Assessing the impact of smoking cessation services on reducing health inequalities in England: observational study
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Objective: NHS stop smoking services are expected to play a key part in achieving the infant mortality and life expectancy health inequality targets in England by reducing smoking prevalence in deprived areas. This paper assesses the extent to which services have made a contribution to reducing inequalities in smoking between 2003–4 and 2005–6. Methods: Synthetic estimates of baseline smoking prevalence data were compared with national monitoring data about the numbers of smokers in receipt of services and the proportion who self report quitting at four weeks. The social distribution of service recipients and quitters was compared with estimates of smoking prevalence to assess impact on inequalities. Comparisons were made between officially designated disadvantaged areas (the Spearhead Group) and others. Results: Short-term cessation rates were lower in disadvantaged areas (52.6%) than elsewhere (57.9%) (p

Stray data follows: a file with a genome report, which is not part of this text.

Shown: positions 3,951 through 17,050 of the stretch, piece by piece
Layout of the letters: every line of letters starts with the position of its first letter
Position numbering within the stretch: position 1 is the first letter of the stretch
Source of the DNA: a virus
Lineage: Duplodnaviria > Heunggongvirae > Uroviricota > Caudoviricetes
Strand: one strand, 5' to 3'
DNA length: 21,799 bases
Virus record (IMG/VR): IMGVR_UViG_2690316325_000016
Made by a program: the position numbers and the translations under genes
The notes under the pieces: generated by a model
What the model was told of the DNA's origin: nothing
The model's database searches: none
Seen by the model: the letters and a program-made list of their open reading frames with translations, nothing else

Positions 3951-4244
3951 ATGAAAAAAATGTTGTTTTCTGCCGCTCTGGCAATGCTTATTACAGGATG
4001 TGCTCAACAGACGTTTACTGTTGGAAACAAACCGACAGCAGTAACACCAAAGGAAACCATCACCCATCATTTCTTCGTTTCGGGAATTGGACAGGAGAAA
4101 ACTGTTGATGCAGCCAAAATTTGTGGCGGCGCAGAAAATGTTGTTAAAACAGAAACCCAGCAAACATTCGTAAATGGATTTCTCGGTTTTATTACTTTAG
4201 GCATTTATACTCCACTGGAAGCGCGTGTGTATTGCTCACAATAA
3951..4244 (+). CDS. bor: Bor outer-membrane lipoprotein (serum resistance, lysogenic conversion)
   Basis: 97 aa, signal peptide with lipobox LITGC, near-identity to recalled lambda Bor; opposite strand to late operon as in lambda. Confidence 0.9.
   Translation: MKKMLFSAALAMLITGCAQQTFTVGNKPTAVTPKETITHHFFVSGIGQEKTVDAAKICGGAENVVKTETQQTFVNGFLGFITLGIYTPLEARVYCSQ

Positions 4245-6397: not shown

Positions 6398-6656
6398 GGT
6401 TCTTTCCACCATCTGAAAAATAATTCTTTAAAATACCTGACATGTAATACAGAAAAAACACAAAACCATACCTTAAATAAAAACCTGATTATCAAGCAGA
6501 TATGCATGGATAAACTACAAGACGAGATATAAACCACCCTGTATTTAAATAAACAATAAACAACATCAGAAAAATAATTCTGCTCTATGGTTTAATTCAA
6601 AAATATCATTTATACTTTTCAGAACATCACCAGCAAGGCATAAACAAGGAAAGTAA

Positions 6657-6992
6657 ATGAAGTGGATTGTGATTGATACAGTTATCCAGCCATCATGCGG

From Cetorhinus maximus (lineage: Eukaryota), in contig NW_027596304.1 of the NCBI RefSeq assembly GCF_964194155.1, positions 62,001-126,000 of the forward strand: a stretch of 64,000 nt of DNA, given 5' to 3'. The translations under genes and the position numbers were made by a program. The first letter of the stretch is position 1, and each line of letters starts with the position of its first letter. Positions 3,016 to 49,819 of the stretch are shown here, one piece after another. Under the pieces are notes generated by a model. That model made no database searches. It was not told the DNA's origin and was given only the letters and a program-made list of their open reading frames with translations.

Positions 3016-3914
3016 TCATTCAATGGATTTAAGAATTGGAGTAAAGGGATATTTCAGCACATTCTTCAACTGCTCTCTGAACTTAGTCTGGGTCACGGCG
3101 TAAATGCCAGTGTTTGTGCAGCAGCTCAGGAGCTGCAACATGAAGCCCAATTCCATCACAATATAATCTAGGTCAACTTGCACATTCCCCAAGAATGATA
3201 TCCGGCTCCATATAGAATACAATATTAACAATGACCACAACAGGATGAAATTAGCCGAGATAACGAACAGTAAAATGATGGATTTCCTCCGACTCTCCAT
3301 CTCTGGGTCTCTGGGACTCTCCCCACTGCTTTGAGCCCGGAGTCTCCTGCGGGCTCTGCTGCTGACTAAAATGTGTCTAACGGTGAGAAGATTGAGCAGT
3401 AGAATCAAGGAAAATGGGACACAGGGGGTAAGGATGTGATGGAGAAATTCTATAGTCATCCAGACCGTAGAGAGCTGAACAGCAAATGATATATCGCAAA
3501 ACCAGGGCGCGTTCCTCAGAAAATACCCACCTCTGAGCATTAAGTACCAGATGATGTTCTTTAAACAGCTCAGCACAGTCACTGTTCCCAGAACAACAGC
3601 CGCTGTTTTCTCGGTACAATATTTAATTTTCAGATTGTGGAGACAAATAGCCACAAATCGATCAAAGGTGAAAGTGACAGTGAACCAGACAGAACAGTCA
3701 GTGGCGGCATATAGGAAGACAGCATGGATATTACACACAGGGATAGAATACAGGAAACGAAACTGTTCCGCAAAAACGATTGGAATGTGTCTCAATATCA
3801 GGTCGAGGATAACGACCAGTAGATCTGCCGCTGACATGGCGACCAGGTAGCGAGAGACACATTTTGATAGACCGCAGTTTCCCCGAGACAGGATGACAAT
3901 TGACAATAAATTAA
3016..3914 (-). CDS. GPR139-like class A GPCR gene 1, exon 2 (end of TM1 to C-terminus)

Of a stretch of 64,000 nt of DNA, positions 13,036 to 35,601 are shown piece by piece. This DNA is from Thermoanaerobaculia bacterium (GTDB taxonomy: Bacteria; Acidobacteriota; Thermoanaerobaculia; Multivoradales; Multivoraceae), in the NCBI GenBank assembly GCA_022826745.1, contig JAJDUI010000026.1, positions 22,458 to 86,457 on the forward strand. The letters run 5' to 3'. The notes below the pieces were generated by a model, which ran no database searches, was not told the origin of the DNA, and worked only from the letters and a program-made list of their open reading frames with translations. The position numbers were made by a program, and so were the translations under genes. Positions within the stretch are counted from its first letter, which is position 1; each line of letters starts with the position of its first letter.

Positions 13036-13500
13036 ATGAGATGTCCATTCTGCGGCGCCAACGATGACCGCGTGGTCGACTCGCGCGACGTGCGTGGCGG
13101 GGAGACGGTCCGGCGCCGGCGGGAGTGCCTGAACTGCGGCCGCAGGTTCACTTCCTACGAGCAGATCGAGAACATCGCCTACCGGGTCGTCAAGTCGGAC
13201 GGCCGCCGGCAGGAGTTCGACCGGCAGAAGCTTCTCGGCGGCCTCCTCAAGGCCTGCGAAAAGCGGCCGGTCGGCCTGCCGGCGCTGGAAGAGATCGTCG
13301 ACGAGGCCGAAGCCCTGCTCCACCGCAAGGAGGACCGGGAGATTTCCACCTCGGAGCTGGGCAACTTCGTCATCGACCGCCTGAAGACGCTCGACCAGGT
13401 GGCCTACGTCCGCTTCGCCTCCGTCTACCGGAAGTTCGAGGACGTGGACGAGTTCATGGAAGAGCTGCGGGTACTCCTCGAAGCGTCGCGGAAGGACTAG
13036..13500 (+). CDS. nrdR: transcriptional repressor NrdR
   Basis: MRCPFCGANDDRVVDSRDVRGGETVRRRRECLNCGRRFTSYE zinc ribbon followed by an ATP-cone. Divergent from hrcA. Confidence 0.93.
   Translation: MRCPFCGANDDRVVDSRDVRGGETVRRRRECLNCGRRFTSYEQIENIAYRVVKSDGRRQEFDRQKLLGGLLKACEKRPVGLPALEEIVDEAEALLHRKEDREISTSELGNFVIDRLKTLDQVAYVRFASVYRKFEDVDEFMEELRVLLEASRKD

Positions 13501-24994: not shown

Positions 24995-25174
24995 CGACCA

|Creators||Bauld, L., Judge, K. and Platt, S.|
|Uncontrolled Keywords||health services, smoking cessation, health inequalities|
|Departments||Faculty of Humanities & Social Sciences > Social & Policy Sciences|
Faculty of Humanities & Social Sciences > Health
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